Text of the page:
Miami, .- The real story of two activists who infiltrated an immigrant detention center in South Florida in 2012 is the center of the film “The Infiltrators”, which is being presented this Tuesday in Miami with one of its protagonists imprisoned again.
The unexpected arrest of Argentine Claudio Rojas by immigration agents last Wednesday in Miami has revived the message of the film by Alex Rivera and Cristina Ibarra, which premiered at the Sundance Festival in February and now arrives at the Miami International Film Festival ( MIFF).
Rojas, 53, was incarcerated at the Broward Transitional Center in Pompano Beach (South Florida), when the “infiltrators” Viridiana Martínez and Marco Saavedra arrived in 2012 and collaborated with them in the task of detecting “abuses” that there were produced.
“Claudio is one of the few immigrants who have shown exceptional and extraordinary courage, even though they are telling him that detention is his only option, he is saying that he will fight for his freedom,” he told Efe Martínez.
The now director of Alerta Migratoria said that it is possible that the immigration authorities thought that Rojas was going to “start talking” about the premiere of the film in Miami and decided to stop him.
In an interview with Efe, the two directors and producers of the film, Rivera and Ibarra, who are also husband and wife, lamented that instead of celebrating the premiere of the film in the MIFF, Rojas is “again fighting for his freedom.”
“The Infiltrators” addresses the “eternal struggle” of undocumented immigrants and emerged from an “action” undertaken by the National Youth Alliance of Immigrants.
“It is the story of a group of young people who decided to fight against a gigantic and strong system, and they won something,” said Rivera, of Peruvian origin.
“The Infiltrators” gathers the testimonies collected by Martinez and Saavedra, who were arrested to enter the center of Pompano Beach, and also the struggle of Rojas, who in 2012 starred in a hunger strike there until his release.
“We believe that in this world nothing is gained without fighting, and in 2012, when the undocumented infiltrated, it was a time when many immigrants, especially young people, decided to fight for their rights, for their dignity,” Rivera recalled.
He stressed that the incident uncovered the lack of medical attention suffered by these immigrants, but “especially” that many of them should not have been a priority for immigration agents, since they had no criminal record.
The Government of Barack Obama (2009-2017) had instructed the migration agency (ICE) to focus on the detention and deportation of undocumented criminals.
“In 2012 that center was full of immigrants without a criminal record, like Claudio Rojas,” Rivera said.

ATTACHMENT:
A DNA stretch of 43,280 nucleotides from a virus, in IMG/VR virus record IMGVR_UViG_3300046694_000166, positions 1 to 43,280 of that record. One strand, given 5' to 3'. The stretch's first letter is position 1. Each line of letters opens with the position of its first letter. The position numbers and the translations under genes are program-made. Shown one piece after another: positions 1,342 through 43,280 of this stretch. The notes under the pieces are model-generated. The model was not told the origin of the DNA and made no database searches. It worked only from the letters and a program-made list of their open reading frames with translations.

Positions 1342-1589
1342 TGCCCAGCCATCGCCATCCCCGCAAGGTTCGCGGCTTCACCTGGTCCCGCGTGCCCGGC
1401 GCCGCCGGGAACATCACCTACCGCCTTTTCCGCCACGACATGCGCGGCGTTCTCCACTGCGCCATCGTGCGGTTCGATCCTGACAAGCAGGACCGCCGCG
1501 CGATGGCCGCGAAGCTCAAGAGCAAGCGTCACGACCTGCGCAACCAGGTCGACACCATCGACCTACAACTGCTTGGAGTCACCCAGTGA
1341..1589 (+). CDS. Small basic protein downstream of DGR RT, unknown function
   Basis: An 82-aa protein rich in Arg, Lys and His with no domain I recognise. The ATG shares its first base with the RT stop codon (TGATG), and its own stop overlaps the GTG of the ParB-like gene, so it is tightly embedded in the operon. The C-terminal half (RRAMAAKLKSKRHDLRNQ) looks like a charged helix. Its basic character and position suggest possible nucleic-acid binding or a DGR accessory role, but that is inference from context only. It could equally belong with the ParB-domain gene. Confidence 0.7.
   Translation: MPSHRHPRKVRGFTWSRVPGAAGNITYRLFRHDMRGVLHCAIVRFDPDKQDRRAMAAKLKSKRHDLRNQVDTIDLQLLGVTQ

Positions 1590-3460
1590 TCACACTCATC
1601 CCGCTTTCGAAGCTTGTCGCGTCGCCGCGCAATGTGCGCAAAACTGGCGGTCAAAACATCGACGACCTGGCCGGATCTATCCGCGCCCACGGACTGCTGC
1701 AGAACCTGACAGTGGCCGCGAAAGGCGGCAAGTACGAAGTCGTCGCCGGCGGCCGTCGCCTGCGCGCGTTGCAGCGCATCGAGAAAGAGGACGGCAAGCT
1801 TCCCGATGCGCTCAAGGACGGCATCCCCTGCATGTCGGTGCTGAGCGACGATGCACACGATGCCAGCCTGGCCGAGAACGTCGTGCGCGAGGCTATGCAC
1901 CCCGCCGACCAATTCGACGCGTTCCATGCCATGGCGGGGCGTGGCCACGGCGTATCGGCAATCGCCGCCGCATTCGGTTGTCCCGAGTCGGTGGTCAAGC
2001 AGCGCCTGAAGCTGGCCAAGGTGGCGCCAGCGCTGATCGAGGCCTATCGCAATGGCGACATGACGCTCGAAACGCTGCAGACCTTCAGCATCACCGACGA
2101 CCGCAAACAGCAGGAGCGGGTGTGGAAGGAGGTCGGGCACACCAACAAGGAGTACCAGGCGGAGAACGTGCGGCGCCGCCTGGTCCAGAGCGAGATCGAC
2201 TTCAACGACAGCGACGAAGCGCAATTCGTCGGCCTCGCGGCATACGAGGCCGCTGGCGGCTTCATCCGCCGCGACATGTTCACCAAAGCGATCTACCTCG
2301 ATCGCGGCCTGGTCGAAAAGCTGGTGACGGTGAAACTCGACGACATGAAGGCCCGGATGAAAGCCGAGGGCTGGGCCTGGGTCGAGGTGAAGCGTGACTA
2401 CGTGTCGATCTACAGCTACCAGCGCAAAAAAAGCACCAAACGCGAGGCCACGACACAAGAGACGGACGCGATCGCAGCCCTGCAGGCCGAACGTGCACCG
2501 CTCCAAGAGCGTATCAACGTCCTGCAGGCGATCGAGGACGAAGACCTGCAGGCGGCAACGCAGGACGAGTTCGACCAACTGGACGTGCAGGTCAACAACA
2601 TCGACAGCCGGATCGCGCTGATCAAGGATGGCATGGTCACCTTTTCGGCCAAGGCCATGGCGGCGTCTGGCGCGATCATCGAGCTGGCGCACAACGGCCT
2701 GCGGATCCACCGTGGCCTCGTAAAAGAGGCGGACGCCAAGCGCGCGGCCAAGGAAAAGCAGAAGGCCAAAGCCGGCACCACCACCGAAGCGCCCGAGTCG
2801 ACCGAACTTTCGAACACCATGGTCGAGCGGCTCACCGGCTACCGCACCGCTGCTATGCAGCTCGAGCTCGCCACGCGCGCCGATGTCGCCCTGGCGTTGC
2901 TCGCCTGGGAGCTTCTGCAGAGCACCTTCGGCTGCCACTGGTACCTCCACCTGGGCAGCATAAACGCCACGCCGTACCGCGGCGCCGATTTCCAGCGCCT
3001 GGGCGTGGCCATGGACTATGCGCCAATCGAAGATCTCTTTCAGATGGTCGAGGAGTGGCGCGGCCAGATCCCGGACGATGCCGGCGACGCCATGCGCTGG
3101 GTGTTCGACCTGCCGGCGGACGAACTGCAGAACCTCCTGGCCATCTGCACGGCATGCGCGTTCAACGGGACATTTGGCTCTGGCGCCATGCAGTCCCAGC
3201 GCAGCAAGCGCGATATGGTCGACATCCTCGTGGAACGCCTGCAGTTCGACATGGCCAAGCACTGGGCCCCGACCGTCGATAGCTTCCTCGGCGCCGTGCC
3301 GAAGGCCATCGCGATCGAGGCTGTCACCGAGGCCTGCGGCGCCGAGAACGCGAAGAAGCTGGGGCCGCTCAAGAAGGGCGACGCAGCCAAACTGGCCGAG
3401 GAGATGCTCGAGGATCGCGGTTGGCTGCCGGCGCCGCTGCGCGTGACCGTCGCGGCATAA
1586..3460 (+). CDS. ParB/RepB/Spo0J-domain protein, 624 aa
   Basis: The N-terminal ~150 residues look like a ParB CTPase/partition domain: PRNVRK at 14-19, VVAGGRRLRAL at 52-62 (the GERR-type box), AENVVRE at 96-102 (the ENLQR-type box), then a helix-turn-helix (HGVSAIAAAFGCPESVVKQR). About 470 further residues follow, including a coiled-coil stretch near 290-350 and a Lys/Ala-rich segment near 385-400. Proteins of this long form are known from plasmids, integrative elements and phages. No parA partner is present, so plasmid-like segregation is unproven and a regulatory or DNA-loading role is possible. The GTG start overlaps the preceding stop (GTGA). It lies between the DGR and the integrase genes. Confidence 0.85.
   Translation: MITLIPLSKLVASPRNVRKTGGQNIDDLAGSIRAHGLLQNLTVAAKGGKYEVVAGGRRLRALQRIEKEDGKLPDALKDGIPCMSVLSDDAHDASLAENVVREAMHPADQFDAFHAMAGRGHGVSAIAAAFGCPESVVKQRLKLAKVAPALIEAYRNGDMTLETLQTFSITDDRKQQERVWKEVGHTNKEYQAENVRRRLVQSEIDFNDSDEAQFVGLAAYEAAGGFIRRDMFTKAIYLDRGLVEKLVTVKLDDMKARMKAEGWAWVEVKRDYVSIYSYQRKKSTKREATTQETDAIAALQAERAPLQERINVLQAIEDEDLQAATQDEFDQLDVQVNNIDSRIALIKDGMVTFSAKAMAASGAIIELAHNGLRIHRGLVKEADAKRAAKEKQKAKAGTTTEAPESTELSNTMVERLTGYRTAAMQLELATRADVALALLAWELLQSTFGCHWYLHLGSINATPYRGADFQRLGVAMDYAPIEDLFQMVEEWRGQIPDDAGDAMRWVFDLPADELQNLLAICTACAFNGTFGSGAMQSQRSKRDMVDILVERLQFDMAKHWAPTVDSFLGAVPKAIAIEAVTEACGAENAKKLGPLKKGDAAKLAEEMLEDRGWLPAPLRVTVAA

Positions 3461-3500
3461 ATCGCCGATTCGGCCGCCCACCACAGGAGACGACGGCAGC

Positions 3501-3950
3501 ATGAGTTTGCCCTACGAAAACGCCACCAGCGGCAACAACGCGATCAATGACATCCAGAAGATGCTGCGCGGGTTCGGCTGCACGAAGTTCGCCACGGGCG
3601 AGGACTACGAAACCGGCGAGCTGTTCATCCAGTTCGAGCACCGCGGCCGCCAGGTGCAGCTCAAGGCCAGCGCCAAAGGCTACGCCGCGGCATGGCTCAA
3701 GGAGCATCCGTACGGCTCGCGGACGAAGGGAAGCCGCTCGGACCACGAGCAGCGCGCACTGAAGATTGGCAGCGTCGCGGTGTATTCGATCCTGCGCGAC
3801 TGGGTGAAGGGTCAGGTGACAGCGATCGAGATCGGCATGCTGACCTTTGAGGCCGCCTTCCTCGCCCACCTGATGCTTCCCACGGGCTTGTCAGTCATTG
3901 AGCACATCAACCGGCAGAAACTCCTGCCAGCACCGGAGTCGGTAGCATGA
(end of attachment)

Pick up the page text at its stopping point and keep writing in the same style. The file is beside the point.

Cristina Ibarra, of Mexican origin, explained that the film is a “hybrid” of testimonies such as Rojas’s already out of prison and dramatizations of what was happening inside the detention center, “corroborated” in addition to official data requested from the US government through the Freedom of Information Act (FOIA).
In his view, the “tactic” of detention is “immoral” because there is no reason to arrest people who have not committed crimes, who flee their countries due to “economic and human injustices.”
In addition, he added, everything is designed so that the undocumented “do not fight” their cases.
Both directors pointed out that the culture of the Pompano Beach center, operated by the private company Geo Group, “changed a lot” after the infiltration and the work of Claudio Rojas.
They specified that the authorities began to grant more frequently the bail so that the undocumented could wait together with their families for their day in court.
However, they regretted that now Rojas is detained after seven years in which he has worked as a gardener, and supported his wife and two children.
One of them who has just given him his first grandchild.
“We did not want to be fighting this week, we wanted to be celebrating with the Rojas family the work of Claudio in the detention center, the work of Claudio in the film,” Rivera said.
At the premiere of “The Infiltrators,” at Silverspot Cinema in downtown Miami, filmmakers, pro-immigrant activists and members of the Rojas family will attend.
Meanwhile, Claudio Rojas, detained at the immigration center of Krome, in southwest Miami-Dade County, expects a T visa, which he has been processing for years and is intended, among others, for certain victims of human trafficking. people, I managed to keep him with his family in the United States.
After his arrest, during a routine appointment with the Immigration and Customs Enforcement (ICE), his lawyer Sandy Pineda, his family and migrant activists have mobilized to achieve their freedom and have gone to the Immigration and Customs Enforcement (ICE),his lawyer, Sandy Pineda, his family and migrant activists have mobilized to obtain his freedom and have appealed to congressmen from South Florida to intercede for him.
Pineda told Efe that it is rare that he was arrested just the week prior to the presentation of the film in Miami.